What makes the perfect learning pistol?
One that builds confidence with a low amount of felt recoil.
Enter…Smith & Wesson’s SW22 Victory ($369).
I’ve been testing firearms for years and have been shooting them for even longer. The first gun I ever fired was a single-shot 12 gauge at just 10 years old.
But it wasn’t until I joined the US Marines where I qualified with an M16A2, an M9, and a 240G that my love for firearms truly blossomed.
This time, I’ll walk you through why I love the S&W Victory 22.
Table of Contents
Who Is It For?
Let me paint a small picture of who this gun is for…
Chances are excellent that you weren’t handed a set of keys to a dump truck before you learned how to drive a car. That truck is something that you should work up to…and not jump in right away.
Could you jump in and start driving a massive truck before learning on a car?
Much in the same way, you wouldn’t want to pick up a.44 magnum revolver for your first handgun when there is a much better alternative to learn on.
Once you master the basics, moving on is much easier.
Learning on a S&W Victory, or anything chambered in .22LR for that matter, helps to build confidence. Where does the .22LR stand compared to other calibers…check out our Caliber Guide.
As I told you a minute ago, my first gun was a 12 gauge shotgun. I’ll spare you the details, but my first experience shooting it was so bad that I lost all confidence in my ability to hold it properly for years.
But if I had started on something more appropriate, it wouldn’t have taken me so long to become an accurate shooter. The problem, as I’d later find out, was that I was afraid of holding it too close to my face.
Remember, I was only 10.
Shooting mechanics, otherwise known as the way you hold a gun, stand, breathe, line up the sights, press the trigger, etc., is all important for accurate shooting.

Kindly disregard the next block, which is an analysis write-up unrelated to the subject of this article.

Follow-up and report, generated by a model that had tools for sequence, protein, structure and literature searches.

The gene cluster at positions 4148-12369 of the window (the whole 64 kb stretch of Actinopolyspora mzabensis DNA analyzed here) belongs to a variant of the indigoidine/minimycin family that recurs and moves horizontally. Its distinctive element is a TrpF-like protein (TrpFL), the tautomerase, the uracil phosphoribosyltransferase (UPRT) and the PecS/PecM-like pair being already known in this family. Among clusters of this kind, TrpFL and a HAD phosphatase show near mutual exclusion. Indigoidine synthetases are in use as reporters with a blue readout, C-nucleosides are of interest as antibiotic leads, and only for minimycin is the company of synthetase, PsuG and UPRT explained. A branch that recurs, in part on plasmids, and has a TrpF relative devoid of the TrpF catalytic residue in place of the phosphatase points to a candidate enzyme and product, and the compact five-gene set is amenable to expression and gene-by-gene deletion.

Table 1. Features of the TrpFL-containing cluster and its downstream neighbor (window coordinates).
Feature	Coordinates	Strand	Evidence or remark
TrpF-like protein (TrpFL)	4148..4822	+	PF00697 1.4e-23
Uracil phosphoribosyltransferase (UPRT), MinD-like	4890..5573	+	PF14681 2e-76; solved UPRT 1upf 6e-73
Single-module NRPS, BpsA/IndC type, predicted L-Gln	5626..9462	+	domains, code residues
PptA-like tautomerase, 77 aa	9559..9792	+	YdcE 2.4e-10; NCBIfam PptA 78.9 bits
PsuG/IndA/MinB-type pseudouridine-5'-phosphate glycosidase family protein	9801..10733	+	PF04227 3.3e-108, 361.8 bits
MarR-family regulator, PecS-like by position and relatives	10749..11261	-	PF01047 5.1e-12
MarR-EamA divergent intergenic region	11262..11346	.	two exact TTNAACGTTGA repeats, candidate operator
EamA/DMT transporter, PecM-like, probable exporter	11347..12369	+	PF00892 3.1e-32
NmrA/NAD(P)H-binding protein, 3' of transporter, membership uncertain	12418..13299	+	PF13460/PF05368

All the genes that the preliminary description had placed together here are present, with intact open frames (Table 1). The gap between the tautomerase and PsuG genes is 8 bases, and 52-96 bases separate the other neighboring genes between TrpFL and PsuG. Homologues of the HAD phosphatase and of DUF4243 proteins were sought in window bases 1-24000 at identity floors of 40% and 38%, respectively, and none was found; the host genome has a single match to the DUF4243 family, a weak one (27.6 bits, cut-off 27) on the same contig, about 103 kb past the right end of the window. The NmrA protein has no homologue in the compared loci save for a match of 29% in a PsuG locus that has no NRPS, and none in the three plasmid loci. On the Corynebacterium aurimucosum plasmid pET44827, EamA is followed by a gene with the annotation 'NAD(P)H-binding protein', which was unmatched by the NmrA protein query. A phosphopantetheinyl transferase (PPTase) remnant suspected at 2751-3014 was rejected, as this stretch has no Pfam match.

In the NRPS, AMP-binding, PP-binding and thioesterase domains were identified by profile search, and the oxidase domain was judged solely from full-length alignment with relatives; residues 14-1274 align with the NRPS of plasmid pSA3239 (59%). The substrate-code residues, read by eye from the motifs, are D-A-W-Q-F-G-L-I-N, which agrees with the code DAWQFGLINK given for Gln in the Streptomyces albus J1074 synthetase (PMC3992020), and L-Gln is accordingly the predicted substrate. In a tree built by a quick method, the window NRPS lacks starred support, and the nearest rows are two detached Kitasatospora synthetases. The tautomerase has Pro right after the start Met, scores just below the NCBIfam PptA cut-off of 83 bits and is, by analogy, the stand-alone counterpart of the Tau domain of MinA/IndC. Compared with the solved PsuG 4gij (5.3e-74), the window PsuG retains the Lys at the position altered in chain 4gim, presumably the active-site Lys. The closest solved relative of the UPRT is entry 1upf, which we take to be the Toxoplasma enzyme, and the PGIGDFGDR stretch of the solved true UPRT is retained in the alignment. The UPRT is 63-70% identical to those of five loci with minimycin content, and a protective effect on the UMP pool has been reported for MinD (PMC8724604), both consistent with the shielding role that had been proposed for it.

Learning on a .22LR, like the Victory, helps teach these things for a couple reasons:
- It’s low-recoiling and therefore builds confidence because it’s easily controlled and easier to get on target. This means people will want to shoot it more. And practice makes progress.
- Because it’s a small, relatively quiet round (compared to others), it isn’t as scary. They’ll continue to shoot it until the basics are mastered.
Then, at some point, once the basics are mastered, the shooter can begin looking into something more satisfactory for self-defense (Best Handgun for Self-Defense).
Fit & Feel
The S&W Victory isn’t just good for beginners.
It comes with a match-grade barrel that it is very accurate right out of the box. The green, fiber optic sights and low felt recoil helped me acquire targets in quick fashion.
Because it’s so accurate, it’s a great pistol to shoot in competitions where a .22LR pistol is permitted, like the NSSF Rimfire Challenge, NRA Bullseye Pistol, or the Steel Challenge.
The 22 Victory is a single action pistol that comes with tools, a Picatinny rail, and two 10-round magazines. It’s comprised of stainless steel with a textured, polymer grip and removable side panels for customization.
The firearm feels great in hand even with my gorilla sized mitts, and the controls are within reach.
Speaking of the controls (thumb safety and magazine release), as of this writing, this pistol only comes in right-handed form.
Still with me?
Let’s move onto the most important question…
How Does It Shoot?
The S&W Victory performed at nearly flawless levels while at the range, and I’m happy to report that after several hundreds of rounds down range, I experienced only a few dud rounds, attributed to the bulk ammo I was using.
The ammo in question was Federal Ammunition’s Auto Match 40 grain .22 LR, 325 round boxes and some Winchester Red Box.
While the 22 Victory is great at the range for target shooting and competitions, or teaching newer folks, this isn’t something you’d want to use for concealed carry for a couple of reasons:
- First, while still deadly with correct shot placement, the .22 LR is under-powered as a self-defense cartridge (even though it could work in a pinch).